This grant was paid directly to Jeevika who applied it to ‘Project Madhu Network’ which was implemented by our Indian NGO partner Jeevan Rekha Parishad (JRP) based on the detailed project which we designed with them and obtained DfID funding for in 2010.

The numbers tell the basic story:

  • Prior to the project some of the women were collecting an average of 7.5 kgs per year of wild honey from the nearby forests (selling it in an unfiltered state, in unsterilized plastic drink bottles for a few Rupees where they could get it)
  • DfID’s grant allowed 750 bee colonies to be set up via 25 women’s Self-Help Group in ten villages comprised of 300 beekeepers + 60 other villagers (men and women) who were involved in related activities
  • By the end of the two-year project, the 300 beekeepers were producing an average of 36 kgs of honey from 3 hives each (this also included a little wild honey), as well as related products like wax and creams, generating an average income of £276 each per year and allowing 250 out of 300 women to access wholesale honey markets.

But there’s a bigger picture – in fact two bigger pictures! - extending far beyond the direct livelihood benefits of the villagers who participated in the project.

The first extends to the local community within Odisha, where the project has created waves of interest among state government, academic and other circles. A high-profile Honey Fair was organised by JRP in Bhubaneshwar the state capital on 24-25 March 2013 to publicise the Madhu project and promote development of bee-keeping as a village livelihood model in Odisha.

This fair was supported by state ministers for horticulture, agriculture and tribal affairs along with the National Bank for Agricultural & Rural Development  and the Odisha University for Agriculture & Technology.  JRP has joined with state government agencies to help support expansion of the Project Madhu model.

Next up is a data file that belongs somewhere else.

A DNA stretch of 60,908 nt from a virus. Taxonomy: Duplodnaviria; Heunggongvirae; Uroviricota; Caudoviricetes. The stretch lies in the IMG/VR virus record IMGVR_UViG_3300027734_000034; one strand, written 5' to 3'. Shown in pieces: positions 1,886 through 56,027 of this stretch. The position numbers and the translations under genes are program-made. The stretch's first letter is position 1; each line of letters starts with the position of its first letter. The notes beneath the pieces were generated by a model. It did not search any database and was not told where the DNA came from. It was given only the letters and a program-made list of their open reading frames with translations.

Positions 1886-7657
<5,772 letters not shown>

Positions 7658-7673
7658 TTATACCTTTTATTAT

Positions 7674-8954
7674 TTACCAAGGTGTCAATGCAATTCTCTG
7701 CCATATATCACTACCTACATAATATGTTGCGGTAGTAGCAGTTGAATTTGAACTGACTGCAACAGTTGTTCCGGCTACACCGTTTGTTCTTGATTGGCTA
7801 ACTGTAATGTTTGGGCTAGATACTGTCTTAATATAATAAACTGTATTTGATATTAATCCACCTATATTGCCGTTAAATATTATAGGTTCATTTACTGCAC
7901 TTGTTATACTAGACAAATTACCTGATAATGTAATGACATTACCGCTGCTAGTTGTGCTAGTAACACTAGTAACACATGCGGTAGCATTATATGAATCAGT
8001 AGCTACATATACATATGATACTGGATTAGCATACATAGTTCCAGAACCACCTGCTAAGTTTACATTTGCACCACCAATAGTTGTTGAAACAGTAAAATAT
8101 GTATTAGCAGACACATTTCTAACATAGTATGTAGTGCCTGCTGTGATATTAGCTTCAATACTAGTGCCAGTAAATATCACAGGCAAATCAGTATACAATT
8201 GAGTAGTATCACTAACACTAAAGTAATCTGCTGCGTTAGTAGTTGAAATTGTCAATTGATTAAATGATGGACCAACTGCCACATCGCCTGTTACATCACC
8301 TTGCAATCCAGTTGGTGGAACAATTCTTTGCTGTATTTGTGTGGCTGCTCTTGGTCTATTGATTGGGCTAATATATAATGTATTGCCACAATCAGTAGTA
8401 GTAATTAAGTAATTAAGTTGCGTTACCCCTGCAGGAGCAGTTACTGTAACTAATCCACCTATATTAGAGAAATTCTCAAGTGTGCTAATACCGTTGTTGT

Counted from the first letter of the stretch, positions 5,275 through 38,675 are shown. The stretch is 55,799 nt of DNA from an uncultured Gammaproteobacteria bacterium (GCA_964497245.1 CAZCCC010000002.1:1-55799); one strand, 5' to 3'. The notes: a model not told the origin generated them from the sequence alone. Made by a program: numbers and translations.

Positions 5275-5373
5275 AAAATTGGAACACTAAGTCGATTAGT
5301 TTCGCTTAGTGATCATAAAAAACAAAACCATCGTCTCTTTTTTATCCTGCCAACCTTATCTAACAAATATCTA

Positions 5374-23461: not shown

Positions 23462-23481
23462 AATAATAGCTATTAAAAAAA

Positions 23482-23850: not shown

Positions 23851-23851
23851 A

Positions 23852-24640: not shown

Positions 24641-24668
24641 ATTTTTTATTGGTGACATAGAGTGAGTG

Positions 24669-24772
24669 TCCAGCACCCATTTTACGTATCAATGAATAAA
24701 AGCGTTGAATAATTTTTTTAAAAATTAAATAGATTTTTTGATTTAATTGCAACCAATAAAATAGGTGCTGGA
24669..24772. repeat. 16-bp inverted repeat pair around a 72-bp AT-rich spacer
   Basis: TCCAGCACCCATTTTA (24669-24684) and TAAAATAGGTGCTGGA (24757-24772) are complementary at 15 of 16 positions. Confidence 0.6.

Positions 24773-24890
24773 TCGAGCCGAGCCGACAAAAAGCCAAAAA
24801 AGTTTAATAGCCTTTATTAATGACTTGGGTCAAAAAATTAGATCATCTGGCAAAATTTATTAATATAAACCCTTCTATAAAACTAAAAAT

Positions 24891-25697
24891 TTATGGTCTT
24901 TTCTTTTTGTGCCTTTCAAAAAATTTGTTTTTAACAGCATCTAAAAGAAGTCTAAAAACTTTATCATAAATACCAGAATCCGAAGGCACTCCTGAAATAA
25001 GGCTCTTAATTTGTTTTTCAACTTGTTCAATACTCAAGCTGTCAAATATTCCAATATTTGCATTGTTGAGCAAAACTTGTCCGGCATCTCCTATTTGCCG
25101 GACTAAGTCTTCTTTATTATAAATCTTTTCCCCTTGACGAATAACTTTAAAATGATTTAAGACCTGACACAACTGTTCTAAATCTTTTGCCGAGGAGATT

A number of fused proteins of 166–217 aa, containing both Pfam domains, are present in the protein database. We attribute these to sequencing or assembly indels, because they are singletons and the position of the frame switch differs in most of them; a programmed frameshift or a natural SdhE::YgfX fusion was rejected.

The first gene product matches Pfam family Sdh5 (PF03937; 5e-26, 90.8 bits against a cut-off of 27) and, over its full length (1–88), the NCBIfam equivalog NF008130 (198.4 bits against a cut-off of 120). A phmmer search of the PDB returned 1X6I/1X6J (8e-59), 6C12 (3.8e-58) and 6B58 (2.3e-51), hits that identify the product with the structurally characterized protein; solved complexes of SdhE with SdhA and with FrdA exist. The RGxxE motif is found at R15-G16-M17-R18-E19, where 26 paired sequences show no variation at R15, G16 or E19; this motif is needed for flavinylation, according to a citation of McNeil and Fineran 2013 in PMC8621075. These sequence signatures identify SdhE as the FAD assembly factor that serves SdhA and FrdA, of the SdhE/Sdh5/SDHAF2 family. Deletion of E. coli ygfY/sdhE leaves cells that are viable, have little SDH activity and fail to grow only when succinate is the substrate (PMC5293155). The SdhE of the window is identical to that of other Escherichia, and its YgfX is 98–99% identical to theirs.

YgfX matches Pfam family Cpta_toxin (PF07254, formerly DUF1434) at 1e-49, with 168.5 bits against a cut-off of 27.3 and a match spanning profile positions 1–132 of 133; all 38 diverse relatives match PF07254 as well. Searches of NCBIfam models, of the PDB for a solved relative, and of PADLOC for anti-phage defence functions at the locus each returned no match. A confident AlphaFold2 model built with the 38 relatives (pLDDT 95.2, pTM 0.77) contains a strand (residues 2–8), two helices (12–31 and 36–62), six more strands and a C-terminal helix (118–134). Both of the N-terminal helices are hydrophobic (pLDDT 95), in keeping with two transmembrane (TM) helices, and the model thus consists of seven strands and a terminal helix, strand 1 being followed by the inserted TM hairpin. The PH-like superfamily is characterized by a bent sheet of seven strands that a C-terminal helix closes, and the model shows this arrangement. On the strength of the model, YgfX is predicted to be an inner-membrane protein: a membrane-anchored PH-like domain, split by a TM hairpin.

Three bee nurseries  have been established in the project area to address shortage of bee stocks to start hives, and the state Department for Horticulture has pledged support to establish further such nurseries. The University has established a pool of 50 apiarists to train new bee-keepers, and a bee help-line has been opened up to provide technical support to farmers on bee-keeping and crop pollination.  JRP has also published beekeeping manuals in Orya, in other tribal languages and a pictorial version of the manual.

Come back next week to read part 2 of the honey story

To help fund the expansion of Project Madhu Network

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Sanitary Napkins, a taboo…

Jeevika Trust want to address the conservative taboo that menstruation is dirty and meet the needs of girls and women of reproductive age in village India to have access to hygienic, cost-effective, eco-disposable sanitary napkins. Access to sanitary napkins is a health issue and the UN have branded the stigma a “violation of several human rights, most importantly of the right to dignity.” Ideally, the women want to make them for themselves and other poor villagers.